2. Chamomile: Chamomile tea soothes the stomach and calms the nerves. If, in addition to a stomach ache, you are having trouble sleeping, homemade chamomile tea will soothe you and your stomach.
3. Burnt toast: Charcoal helps neutralize the toxins in the system. If you’ve just had too much alcohol, the charcoal in the burnt toast may help absorb some of the alcohol and neutralize the toxin. Black tea or anything with tannins (not wine) also helps neutralize toxins and process the alcohol in your system. Toast is also part of the well-known acronym B.R.A.T. (Bananas, Rice, Applesauce, Toast), commonly used to treat children with stomach aches or diarrhea.
4. Apple cider vinegar: Your mother probably used this acidic pantry staple for cleaning purposes – a vinegar and water solution is great for streak-free windows and shower doors – but apple cider vinegar has long been used as a home remedy for upset stomach. Studies have also linked it to good blood glucose control, making it particularly helpful for people with diabetes. It’s also been associated with blood pressure control and weight management. Lots of good reasons to give it a try!
To improve your digestive health though, a small amount of apple cider vinegar, taken just prior to a meal, can help stimulate the production of digestive juices. You need those juices to break down your food properly so nutrients can be absorbed and used by your body. Mix one tablespoon with a cup of warm water (or cold, if you prefer) and add a little honey to sweeten the drink.
Make sure you’re using apple cider vinegar, not malt or white vinegar that you put on your fish and chips. Apple cider vinegar is made from cider or crushed apples, giving it a yellow-brownish color. Unlike the clear stuff, apple cider vinegar contains nutrients and bacteria that make up the cobwebbed, cloudy sediment at the bottom of the bottle. That’s the good stuff!
It’s the enzymes that are produced during the fermentation process that make apple cider vinegar so good at tackling digestive symptoms.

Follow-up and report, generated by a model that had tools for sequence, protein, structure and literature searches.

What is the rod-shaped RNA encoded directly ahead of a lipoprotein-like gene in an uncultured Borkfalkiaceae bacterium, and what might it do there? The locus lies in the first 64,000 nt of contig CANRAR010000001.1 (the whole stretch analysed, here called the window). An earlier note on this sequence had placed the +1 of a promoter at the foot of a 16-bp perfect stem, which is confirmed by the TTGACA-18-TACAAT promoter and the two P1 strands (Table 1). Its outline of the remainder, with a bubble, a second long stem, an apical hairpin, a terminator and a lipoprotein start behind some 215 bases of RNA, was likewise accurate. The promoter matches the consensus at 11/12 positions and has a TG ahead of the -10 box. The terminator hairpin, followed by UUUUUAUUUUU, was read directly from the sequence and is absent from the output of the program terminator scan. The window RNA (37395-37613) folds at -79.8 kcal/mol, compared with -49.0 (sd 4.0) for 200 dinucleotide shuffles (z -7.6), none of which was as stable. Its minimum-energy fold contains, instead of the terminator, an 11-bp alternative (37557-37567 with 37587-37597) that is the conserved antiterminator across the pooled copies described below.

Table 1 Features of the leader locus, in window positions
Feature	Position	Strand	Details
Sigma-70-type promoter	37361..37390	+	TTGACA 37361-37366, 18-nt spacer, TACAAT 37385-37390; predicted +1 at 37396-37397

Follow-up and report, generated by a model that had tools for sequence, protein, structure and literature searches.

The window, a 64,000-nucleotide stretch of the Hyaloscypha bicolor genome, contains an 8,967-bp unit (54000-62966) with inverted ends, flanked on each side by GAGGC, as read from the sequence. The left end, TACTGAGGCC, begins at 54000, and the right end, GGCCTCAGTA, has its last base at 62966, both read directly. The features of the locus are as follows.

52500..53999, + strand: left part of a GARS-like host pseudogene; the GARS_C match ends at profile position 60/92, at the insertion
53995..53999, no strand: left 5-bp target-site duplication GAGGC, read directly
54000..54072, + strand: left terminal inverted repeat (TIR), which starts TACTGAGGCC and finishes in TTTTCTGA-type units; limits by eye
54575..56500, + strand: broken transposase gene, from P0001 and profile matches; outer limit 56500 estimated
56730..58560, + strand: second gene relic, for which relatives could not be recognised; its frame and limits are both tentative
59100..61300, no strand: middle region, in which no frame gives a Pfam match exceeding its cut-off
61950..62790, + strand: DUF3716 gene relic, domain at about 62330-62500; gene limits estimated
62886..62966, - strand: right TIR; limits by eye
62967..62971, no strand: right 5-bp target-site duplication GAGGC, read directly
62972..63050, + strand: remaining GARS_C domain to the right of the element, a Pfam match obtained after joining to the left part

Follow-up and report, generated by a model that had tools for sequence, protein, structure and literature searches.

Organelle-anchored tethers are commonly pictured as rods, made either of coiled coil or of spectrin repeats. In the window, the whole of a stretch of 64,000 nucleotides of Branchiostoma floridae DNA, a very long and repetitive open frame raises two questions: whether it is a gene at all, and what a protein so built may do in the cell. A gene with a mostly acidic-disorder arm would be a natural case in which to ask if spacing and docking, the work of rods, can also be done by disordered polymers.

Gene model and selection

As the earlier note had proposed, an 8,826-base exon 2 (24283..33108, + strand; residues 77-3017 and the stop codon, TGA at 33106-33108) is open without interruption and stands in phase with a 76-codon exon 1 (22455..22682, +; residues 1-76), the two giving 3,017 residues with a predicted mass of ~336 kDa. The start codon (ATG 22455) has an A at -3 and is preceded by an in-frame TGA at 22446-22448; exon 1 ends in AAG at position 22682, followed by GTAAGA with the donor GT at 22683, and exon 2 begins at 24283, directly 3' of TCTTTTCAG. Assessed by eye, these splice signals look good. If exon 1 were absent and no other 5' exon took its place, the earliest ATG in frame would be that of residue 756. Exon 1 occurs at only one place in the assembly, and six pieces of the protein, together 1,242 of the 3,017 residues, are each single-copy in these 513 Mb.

5. Ginger: In addition to its anti-inflammatory and bad breath-reducing properties, ginger aids in digestion and can ease stomach pains. Fresh ginger is the best form of ginger, and we recommend making a simple tea with it. Avoid drinking ginger ale, however, since it is loaded with sugar, and most ginger sodas use artificial flavors (no actual ginger).
Grate some fresh ginger into your soup or brew it for a soothing tea. Ginger root has a long history in traditional medicine as a natural remedy for stomach upset, among numerous other ailments. To naturally improve your digestive health, some contend it works by speeding up the pace at which food moves into the small intestine from the stomach. When your digestion is motoring along, irritants don’t sit in your stomach and cause you distress.
A University of Miami study concluded that ginger extract could be a substitute to nonsteroidal anti-inflammatory drugs (NSAIDS) for pain. The study compared the effects of a concentrated ginger extract to a placebo in patients with osteoarthritis of the knee. The ginger reduced pain and stiffness in knee joints by 40 percent over the placebo. Why the relief?
Researchers say that the herb has anti-inflammatory, anti-ulcer, and antioxidant properties, so it offers quite the therapeutic package. If your stomach lining is inflamed or irritated, ginger could provide natural relief.
6. Hot water bottle: Don’t underestimate the healing power of heat therapy. Your hot water bottle or heating pad, placed right on your stomach for a good 10 minutes, is such a simple home remedy for stomach turbulence.
The heat increases blood flow to the skin surface, so it moves your perception of pain from inside your stomach to the outside. It’s like playing a mind-game with your brain’s control center, temporarily blocking chemical messengers that cause pain to be recognized by the brain.
The heat from your hot water bottle doesn’t just provide comfort (and a kind of placebo effect). Much like pharmaceutical painkillers, the heat from the hot water bottle or heating pad deactivates the pain at a deep, molecular level, giving you much-needed relief.
7. Yoga: Improve your digestion with just 15 minutes of yoga. Start from a reclining position and work to some standing poses. Certain positions like the bridge pose are stretch moves that stimulate your abdominal organs. Follow these with twist poses that massage and tone your abdomen, which are great therapy for gas, bloating, and constipation. Other poses work out your back, neck, and spine – all help the nervous system relax and, in turn, ease your digestion.
Digestion troubles can be easily fixed with home remedies, so you won’t need over-the-counter pills or seltzers. Try these tips on how to improve digestion naturally at home – your gut deserves some care and attention – and your mental wellbeing will benefit as well.